Other children were blinded by conjunctivitis or had open weeping sores covered in a crust of dried dust with layers of flies clinging to them.
The flies and The Technicals were the only ones in Baidoa who seemed to eat well.
But the good news was that we saw the Aussie tucker get to the mouths of these tragic people. High-protein Arnotts biscuits were handed out to a tribe of people who had just wandered out of the desert. They peered at the biscuits for some time wondering what they were but gradually the kids and then their mothers (always the kids first) began to chew them.

Some of the weaker had to be force fed because they didn't quite know what the biscuit was and because they didn't have the energy to chew it.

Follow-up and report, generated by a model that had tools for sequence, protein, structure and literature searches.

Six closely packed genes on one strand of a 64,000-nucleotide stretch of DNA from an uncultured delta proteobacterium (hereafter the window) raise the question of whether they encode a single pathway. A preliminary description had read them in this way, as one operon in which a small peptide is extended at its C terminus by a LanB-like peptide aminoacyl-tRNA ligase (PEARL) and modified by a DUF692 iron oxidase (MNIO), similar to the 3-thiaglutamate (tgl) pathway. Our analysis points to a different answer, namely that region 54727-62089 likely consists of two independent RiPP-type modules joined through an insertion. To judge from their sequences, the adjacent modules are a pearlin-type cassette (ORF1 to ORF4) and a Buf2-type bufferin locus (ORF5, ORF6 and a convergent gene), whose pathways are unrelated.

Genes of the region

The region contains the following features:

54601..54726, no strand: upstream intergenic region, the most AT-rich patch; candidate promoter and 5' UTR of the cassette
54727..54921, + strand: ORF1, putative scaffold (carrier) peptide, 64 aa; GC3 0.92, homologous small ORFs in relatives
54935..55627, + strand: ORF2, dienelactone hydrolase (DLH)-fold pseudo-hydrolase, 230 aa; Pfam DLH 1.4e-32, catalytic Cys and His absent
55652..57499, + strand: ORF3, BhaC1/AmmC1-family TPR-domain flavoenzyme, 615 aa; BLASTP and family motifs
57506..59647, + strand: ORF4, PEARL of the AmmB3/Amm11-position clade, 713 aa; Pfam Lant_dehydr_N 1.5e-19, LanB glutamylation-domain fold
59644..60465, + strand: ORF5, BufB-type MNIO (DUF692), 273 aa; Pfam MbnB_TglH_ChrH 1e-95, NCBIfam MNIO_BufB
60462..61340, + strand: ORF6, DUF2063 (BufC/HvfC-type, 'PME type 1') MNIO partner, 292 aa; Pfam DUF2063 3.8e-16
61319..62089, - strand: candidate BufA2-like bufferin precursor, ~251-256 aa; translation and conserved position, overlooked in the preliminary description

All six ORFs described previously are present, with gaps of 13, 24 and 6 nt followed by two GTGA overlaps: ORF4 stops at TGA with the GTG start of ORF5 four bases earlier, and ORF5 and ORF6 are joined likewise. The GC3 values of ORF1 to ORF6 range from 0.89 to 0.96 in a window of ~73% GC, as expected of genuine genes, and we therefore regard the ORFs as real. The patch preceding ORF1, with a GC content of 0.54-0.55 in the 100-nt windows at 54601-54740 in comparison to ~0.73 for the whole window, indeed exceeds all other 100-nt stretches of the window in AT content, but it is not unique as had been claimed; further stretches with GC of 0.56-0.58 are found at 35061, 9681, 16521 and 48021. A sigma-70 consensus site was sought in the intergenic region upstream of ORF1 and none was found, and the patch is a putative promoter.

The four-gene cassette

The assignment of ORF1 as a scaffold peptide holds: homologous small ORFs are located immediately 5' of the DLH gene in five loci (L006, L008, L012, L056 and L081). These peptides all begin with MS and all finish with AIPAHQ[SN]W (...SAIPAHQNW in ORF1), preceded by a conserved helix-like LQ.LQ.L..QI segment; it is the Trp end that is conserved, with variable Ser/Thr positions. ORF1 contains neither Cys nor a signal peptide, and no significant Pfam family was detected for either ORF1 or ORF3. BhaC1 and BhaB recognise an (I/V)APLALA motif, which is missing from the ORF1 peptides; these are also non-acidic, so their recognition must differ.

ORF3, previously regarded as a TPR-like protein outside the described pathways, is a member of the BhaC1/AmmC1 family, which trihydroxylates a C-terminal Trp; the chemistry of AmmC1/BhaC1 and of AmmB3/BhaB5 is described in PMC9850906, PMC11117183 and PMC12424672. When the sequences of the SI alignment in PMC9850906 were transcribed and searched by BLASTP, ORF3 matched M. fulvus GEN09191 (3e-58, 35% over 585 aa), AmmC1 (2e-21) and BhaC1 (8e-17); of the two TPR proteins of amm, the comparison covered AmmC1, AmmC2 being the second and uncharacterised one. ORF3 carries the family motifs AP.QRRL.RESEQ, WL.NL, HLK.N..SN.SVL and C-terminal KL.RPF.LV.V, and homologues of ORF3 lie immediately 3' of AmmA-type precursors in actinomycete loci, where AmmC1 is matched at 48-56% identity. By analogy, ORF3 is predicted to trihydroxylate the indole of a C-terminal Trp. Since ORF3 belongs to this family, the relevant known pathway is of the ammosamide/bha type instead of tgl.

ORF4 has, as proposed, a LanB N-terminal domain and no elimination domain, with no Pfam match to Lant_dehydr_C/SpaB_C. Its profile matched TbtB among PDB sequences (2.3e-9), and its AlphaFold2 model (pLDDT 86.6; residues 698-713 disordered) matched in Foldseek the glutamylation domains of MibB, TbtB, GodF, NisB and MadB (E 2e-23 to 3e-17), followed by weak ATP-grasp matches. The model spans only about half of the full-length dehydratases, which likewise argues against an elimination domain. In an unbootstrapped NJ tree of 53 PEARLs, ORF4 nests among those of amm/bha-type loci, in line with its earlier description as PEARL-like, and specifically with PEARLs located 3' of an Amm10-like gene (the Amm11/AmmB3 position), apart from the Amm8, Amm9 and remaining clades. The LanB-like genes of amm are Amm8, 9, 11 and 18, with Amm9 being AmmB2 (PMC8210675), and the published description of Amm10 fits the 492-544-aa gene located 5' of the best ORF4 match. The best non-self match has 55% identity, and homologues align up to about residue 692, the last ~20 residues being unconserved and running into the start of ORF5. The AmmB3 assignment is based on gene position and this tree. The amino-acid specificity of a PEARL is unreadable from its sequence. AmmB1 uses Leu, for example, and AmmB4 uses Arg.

We were constantly being followed by the Technicals who were always on the prowl waiting for an unguarded moment so they could steal the food. We were raided at one feeding station where I had my guards for protection but the CARE people weren't around. A heated argument developed between our lot and their lot about how much food they were going to loot. With theatrical timing a CARE lady called M.J. marched into the middle of these yelling Africans and did a rapid bit of oil spilling.

The Technicals were allowed to take a percentage of the food to save face. What ME worried? I thought, 'what the hell am I scared for? M.J., an Australian nurse and a veteran of these human tragedies, all of five feet high, marched straight between the heavily-armed and argumentative bandits and single-handedly calmed them down and a deal was struck. The fact that she had a bloke with a bloody great big machine-gun at her side might have helped a bit but she was still heavily outnumbered.